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Bowling Green men's basketball looks to rebound from poor finish

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    Bowling Green State University men's basketball coach Michael Huger talks to an official during a game last season. Huger's Falcons ended the year on a six-game losing streak, then saw three players leave the program.


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    Bowling Green's Demajeo Wiggins (1) looks to grab the ball during the Falcons loss to Central Michigan in the first round of the Mid-American Conference tournament. Wiggins has declared himself eligible for the NBA draft but has not hired an agent.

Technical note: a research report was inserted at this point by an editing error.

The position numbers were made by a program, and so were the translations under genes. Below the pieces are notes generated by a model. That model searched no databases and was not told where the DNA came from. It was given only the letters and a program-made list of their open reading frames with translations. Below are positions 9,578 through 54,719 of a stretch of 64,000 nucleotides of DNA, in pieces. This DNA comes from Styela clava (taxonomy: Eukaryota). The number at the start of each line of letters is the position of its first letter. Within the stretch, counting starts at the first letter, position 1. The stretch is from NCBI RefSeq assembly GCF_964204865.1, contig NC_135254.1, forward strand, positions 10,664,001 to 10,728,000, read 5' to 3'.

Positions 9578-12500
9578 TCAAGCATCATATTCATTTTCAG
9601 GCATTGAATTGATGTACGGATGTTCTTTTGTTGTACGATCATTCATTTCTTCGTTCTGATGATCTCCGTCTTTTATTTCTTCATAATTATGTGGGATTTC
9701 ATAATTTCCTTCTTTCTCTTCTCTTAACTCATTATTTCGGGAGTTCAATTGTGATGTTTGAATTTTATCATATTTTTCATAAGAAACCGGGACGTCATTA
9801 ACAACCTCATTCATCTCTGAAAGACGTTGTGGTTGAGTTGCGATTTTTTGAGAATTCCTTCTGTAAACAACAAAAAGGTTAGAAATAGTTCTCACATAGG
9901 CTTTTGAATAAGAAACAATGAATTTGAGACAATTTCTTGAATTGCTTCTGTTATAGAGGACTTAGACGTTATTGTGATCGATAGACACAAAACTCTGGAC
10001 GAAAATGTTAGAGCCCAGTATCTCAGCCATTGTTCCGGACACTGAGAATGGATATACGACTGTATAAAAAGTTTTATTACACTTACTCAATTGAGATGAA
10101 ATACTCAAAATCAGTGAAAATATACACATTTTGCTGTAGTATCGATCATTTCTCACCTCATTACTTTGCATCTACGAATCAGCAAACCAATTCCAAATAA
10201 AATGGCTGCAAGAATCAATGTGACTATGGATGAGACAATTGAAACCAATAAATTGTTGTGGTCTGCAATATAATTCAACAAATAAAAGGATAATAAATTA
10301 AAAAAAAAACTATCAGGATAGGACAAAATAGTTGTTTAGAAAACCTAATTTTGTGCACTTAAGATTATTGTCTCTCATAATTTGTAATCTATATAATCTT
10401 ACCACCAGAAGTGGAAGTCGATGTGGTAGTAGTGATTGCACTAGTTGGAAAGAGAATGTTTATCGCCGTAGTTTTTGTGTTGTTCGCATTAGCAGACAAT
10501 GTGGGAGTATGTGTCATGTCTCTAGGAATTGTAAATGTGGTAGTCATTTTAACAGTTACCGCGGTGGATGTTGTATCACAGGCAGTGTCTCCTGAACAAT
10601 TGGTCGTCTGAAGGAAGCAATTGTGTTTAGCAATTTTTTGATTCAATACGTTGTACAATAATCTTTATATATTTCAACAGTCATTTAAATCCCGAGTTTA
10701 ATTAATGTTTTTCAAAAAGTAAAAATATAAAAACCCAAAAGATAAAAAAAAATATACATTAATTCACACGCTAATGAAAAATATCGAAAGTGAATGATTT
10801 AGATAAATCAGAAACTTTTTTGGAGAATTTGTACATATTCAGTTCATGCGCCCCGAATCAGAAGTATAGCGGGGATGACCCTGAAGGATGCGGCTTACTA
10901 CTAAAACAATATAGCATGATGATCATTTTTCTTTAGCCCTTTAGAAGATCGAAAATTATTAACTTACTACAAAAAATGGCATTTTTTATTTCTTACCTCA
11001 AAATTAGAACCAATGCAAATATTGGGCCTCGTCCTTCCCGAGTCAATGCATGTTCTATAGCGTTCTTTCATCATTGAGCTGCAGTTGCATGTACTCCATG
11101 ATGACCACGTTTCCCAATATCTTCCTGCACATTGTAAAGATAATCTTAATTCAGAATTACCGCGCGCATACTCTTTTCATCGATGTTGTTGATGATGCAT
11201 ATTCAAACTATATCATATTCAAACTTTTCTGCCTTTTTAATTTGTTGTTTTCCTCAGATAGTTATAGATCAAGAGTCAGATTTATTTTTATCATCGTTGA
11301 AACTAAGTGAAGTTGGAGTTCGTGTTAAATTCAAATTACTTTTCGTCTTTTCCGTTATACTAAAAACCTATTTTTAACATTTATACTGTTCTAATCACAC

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    Bowling Green's Derek Koch shoots over Ohio's A.J. Gareri during a game last season. Koch has announced that he is transferring to Division II Ashland.



BOWLING GREEN — It has been more than a month since the Bowling Green State University men’s basketball team saw its season end with a thud, a six-game losing streak that included an overtime loss at Central Michigan in the opening round of the Mid-American Conference tournament.

Michael Huger, who just completed his third year in charge of his alma mater’s program, admitted that last year’s season-ending losing streak represented an opportunity lost.